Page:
06:07 - If you have ever been on Reddit you will see lots of opportunities, lots of examples of students who say one thing and they’re like that’s not really the full understanding of what’s happening from a teaching perspective.
06:21 - I’m thinking of the slash professors sub thread and read it, for example, or.
06:27 - Slash matters slash UW Madison. Sub thread.
06:29 - There’s a lot of misconceptions out there, but our perceptions feel very real to us.
06:36 - Our perceptions are our reality, and unless we go in and are challenged in those and you know, gently.
06:44 - Then that becomes sort of the the truth that we’re that we’re at.
06:51 - Alright, now I already talked about that and I already talked about that so.
06:56 - Where do we get that information? Well, we’ve all done this.
07:00 - We’ve gotten information from our from our students indirectly through their reactions through the work that they’ve done through these surveys.
07:08 - But there are also some formulaic places that we’ve gotten these, so this.
07:14 - Recent Fall 2020 survey just came out with the results.
07:19 - They’ve been processing them throughout the winter and here they are released recently.
07:26 - And Jamie Hanke has now said Megan Megan Schmidt is here, and she’s able and willing to talk in depth about that report on the undergraduate student needs and expectations.
07:38 - Jamie Hanke is here as well. She’s been in charge of the UCLASS program, which is the undergraduate. Oh boy.
07:50 - Sharespace thank you undergraduate chat, learn and share spaces.
07:54 - If I write and they’ve been doing this since.
07:59 - 2015, 2014 it’s been awhile. Uh, and where they will just go in and meet with students and say hey students, what are your thoughts on this teaching and learning situation? And it’s it’s kind of cool.
08:13 - I’ve been in a number of them there. The students feel empowered to share to speak up the faculty that are there.
08:21 - Are very respectful and sort of in the background.
08:24 - They’re there to listen and not to like preach to the students about.
08:28 - Well, you should do this. That and the other thing more often, I’ve highlighted on the activity sheet at the very bottom.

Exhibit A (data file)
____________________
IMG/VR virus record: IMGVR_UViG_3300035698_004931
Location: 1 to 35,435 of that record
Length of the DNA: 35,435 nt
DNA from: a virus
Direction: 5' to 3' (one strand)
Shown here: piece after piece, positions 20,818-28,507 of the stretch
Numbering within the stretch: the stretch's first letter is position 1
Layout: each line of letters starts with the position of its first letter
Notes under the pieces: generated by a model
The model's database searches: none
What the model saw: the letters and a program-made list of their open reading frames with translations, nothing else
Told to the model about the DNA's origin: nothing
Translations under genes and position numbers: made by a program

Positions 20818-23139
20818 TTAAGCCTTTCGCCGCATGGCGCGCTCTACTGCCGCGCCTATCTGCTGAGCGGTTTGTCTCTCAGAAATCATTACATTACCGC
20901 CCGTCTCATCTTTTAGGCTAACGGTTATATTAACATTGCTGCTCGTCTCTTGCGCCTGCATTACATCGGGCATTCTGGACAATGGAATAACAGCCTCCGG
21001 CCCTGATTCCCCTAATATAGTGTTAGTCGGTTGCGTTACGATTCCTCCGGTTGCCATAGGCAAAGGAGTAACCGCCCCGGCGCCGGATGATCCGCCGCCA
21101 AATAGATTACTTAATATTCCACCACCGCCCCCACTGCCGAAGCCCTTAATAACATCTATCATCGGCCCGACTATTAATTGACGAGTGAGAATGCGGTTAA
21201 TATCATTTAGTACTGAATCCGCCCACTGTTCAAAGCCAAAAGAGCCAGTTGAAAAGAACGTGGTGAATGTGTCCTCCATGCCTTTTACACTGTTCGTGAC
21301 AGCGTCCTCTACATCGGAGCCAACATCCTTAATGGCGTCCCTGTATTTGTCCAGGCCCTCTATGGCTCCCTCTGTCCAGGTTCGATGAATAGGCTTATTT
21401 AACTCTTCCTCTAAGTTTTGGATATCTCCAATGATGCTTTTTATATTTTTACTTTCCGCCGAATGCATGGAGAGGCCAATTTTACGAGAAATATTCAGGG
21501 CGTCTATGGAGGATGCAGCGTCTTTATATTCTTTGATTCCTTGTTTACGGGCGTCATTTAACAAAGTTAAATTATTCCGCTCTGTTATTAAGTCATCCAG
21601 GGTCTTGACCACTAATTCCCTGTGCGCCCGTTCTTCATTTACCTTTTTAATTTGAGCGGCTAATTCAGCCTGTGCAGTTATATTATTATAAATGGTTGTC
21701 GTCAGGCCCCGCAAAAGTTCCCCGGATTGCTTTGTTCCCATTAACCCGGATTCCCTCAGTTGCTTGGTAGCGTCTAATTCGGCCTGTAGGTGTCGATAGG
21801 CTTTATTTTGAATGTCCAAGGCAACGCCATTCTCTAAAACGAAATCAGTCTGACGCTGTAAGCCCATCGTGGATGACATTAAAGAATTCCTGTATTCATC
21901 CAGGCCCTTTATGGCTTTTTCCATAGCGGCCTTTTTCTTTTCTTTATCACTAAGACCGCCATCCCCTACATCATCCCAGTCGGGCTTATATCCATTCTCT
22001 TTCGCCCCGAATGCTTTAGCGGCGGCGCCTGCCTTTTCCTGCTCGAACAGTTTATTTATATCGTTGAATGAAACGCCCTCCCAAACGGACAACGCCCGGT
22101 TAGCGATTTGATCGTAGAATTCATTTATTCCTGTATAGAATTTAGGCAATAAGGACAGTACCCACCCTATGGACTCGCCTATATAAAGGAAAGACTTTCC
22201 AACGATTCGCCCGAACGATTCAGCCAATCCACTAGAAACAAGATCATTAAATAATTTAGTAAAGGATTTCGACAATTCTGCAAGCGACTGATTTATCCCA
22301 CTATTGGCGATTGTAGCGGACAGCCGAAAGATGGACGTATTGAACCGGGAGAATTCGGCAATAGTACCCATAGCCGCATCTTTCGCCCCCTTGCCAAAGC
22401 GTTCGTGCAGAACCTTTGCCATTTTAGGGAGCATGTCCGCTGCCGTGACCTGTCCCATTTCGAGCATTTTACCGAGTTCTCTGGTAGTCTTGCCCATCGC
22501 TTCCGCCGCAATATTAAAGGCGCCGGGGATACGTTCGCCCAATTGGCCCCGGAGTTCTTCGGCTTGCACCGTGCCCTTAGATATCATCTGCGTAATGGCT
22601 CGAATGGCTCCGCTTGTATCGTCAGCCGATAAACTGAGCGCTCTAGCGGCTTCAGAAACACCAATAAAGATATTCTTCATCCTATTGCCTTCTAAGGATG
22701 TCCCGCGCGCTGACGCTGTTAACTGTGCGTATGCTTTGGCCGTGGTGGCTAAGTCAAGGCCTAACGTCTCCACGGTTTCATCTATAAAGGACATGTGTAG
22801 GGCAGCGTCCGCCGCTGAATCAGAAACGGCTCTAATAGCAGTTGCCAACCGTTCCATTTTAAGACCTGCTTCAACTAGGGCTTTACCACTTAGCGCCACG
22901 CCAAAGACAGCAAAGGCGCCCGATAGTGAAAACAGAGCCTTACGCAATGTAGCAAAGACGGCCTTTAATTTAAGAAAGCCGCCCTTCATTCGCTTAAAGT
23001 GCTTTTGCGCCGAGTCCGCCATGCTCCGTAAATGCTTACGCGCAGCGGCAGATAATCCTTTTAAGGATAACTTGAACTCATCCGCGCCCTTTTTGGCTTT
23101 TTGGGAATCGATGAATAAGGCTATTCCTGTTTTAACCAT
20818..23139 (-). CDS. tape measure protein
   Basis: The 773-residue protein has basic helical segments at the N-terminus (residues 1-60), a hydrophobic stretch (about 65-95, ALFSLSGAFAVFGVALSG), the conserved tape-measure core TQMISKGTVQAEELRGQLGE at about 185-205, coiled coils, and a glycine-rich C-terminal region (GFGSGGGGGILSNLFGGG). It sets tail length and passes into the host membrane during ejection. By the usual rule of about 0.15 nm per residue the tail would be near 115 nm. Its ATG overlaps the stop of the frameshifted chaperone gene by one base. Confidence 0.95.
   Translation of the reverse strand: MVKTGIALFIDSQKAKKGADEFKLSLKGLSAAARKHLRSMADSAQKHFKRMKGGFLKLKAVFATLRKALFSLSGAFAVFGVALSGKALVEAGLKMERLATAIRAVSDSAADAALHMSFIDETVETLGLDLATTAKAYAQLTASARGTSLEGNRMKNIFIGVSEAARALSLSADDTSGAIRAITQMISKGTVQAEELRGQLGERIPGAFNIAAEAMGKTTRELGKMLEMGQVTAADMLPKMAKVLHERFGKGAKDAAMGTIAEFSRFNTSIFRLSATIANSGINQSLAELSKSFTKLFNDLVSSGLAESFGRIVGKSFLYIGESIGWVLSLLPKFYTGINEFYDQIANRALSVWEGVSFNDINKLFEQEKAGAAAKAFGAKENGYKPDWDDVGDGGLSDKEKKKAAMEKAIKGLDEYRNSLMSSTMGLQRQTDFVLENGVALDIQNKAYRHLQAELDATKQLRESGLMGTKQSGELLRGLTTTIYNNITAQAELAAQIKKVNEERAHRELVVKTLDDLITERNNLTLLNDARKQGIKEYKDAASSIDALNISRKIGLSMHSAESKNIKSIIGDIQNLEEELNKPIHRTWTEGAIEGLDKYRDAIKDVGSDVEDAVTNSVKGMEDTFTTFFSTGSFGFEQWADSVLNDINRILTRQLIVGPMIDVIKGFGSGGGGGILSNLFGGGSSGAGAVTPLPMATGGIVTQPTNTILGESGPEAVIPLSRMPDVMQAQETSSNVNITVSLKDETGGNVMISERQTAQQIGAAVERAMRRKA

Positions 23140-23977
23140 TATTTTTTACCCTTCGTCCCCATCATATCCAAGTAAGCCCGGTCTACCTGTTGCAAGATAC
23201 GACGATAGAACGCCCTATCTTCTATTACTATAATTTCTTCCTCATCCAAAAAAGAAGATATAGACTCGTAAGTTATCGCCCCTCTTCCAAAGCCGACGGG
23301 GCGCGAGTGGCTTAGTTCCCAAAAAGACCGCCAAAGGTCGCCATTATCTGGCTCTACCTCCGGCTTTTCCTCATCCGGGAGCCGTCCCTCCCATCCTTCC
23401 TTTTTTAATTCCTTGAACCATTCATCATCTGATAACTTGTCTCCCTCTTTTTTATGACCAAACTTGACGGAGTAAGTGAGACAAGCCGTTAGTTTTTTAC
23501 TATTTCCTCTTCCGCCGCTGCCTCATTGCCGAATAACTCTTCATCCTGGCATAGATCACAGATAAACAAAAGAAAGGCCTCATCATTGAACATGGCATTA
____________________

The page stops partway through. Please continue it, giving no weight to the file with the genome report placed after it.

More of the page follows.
08:35 - Here are some links to the resources that we’ve put together over the years.
08:39 - From that, I guess March 2016 and I remember the office hours the student hours.
08:44 - Just a simple thing like changing. Changing it.
08:48 - Changing what you call those what you call office hours from office hours, which can be very intimidating to students to student hours where it’s about them and not about.
08:58 - Then coming into your office, seeing your degrees behind you, your impressive stacks of books and then feeling you know, slighted, small.
09:08 - You know, not powerful, not feeling, you know.
09:14 - Submitting to your authority, I guess. That’s a simple little twist, simple little change, and it makes a big difference to help them feel more welcome.
09:24 - Alright. So that’s why to do it in the end, there are more reasons that I’m sure that you all can come up with and I will invite you to raise your hand at any point, or unmute yourself and just jump in with another thought or something that you see that you wanted to talk more about.
09:44 - I would love to have those conversations. You can add that in chat if you’d like to.
09:49 - The link that I put in chat to the activity sheet that I see most of you are in.
09:55 - We now have crossed the red spot of it, where there are questions, there’s a table of.
10:00 - An opportunity for you, right? Questions that you think we should address in this lab.
10:05 - And don’t think of it necessarily, as these are things that I’m, you know, burning up, trying to figure out, but they can also be questions that you’ve heard or topics that you’ve heard that we should probably maybe address or on behalf of someone else.
10:21 - Here’s a question that we should address. So start filling up that left hand column with the questions, topics, issues that we should talk about.
10:30 - And because, again, you all have experience as educators.
10:34 - On the right hand column, if you see something that you’d like to address and you don’t want to raise your hand or unmute yourself or put it in chat.
10:41 - You can just add a bullet point on the right hand side and start filling up that and that way we’re drawing on each other’s expertise and it’s super cool when that happens. So.
10:54 - Back to that survey, the false survey. The students put together, uh, well.
11:00 - This survey analyzers put together 5 themes that they got out of the survey.
11:06 - The students spoke about kind of fell into five buckets and Megan.
11:10 - I want you to jump in anytime that you feel that I’m saying something wrong, or if you just want to jump in and introduce yourself.
11:18 - You could do that as well. Fiction keep going alright and those five things are in course design across organization and design.
11:28 - The empathy and understanding building community and engagement in the areas of office hours and individual meetings and flexibility and support.